Since you make the pregnant analogy, do you view your records or your songs in particular as children?
Yeah, it certainly felt that way. By the time I was in the mastering studio with these two discs I was like, "Get it out." Yeah, that analogy works for me. And I spent the better part of a year growing this creature that forms an identity beyond yourself and you help steer it but you don't control it.
Well taking that analogy one step further then, now that the record is a few weeks or a month from coming out, do you feel ready for it to go into the world?
Oh, way past ready. I have a handful of new songs already. Like I was saying earlier, I look at the package and I think oh I wish that color was different and that color. If I listen to the songs at all, all I can hear is what I do differently so it's this endless process for me that by the time a record is out I'm somewhere else.
Obviously we're in an interesting political climate right now. Are there any issues that you're working for on a personal level that you're very passionate about right now?
All kinds of things. I continue my specific political work, but, in terms of the climate, one of the things that I just feel so strongly about is the need for progressive people in this country to consolidate power and to really focus on solidarity. I don't know if we should call ourselves greens or what but I think that we need to form a strong third party in this country and there's so much room left to Democrats. You basically have from middle of the road left, which is not represented in our political system in any powerful way. I think that the people in the labor movement and the people in the women's rights and the people fighting racism and the environmentalists, all of us need to get together if we're going to stop this spiral of corporate control and reactionary conservatism controlling our county, our culture, our government, our lives. I think that we need to get together and this kind of lulling of power between the Democrens and Republicrats, it's just not cutting it in terms of representing the wishes of the needs of the people. I'm sure that there's a lot of other people out there working around this. There is a lot of connecting that needs to be done as an important prerequisite before any significant political change at this point.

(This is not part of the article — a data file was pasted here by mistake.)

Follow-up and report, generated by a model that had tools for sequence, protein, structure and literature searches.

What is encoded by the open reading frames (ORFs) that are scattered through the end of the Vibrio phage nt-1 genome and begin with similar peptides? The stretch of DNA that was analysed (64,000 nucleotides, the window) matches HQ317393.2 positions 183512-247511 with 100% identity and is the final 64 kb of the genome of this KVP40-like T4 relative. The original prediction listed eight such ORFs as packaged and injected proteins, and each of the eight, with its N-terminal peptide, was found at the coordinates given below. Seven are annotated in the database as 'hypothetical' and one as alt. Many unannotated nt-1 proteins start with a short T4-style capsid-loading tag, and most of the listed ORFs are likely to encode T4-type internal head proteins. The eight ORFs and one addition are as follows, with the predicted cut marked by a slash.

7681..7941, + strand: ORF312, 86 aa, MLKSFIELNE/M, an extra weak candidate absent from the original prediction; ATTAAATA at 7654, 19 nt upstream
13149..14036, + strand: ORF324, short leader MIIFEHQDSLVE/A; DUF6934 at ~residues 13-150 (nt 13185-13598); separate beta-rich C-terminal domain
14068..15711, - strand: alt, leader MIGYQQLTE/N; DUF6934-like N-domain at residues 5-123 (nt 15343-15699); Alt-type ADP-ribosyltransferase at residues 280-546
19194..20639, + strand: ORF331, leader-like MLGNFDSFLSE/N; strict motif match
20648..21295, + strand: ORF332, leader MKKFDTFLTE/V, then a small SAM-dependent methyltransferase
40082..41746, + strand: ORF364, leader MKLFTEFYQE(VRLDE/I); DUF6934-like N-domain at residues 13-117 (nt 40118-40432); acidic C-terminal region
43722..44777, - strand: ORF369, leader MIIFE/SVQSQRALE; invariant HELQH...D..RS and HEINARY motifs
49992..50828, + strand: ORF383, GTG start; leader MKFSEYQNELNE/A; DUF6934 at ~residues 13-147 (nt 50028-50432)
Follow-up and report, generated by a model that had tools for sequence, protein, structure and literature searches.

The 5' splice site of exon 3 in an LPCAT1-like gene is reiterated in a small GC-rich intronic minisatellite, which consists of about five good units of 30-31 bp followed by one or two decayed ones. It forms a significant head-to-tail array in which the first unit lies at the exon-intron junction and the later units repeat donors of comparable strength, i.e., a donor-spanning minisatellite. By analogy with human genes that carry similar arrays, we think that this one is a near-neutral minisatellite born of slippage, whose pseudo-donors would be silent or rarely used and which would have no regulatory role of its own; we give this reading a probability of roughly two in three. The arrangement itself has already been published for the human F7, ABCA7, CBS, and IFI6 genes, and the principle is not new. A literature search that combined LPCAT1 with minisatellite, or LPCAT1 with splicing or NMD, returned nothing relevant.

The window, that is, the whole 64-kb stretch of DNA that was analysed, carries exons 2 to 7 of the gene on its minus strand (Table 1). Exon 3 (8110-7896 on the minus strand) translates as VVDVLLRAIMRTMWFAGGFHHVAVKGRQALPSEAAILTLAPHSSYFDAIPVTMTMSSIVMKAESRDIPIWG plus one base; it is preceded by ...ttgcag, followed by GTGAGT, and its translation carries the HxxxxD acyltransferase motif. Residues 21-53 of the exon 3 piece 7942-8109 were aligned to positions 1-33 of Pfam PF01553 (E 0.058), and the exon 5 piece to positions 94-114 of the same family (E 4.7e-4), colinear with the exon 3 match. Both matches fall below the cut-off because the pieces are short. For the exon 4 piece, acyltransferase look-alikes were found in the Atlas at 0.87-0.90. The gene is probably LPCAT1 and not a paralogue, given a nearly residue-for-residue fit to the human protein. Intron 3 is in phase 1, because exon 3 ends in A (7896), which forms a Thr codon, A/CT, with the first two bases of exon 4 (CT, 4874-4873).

Have you ever thought about running for anything?
People bring that up now and then, like my friend John Hassell. We were hanging out in LA, and he said you should run for office and I was like, "John, I'm a fucking musician . . . I'm a songwriter. Come on. Please let me do what I love to do." I don't think I'd do very well as a politician -- from what little I know of politics, even just on a local Buffalo level, the amount of calculation and corruption on every level. I won't even work with a record company let along something as fundamentally fucked as the government. I'm not really one to work within systems very comfortably.
From what you do, certainly you can help bring attention to things and at least somewhat orchestrate change or try to.
Yeah, absolutely. I think political work comes in all sorts of forms and one of the least impressive is that of the politician.
Written by STEVE BALTIN
for RollingStone.com News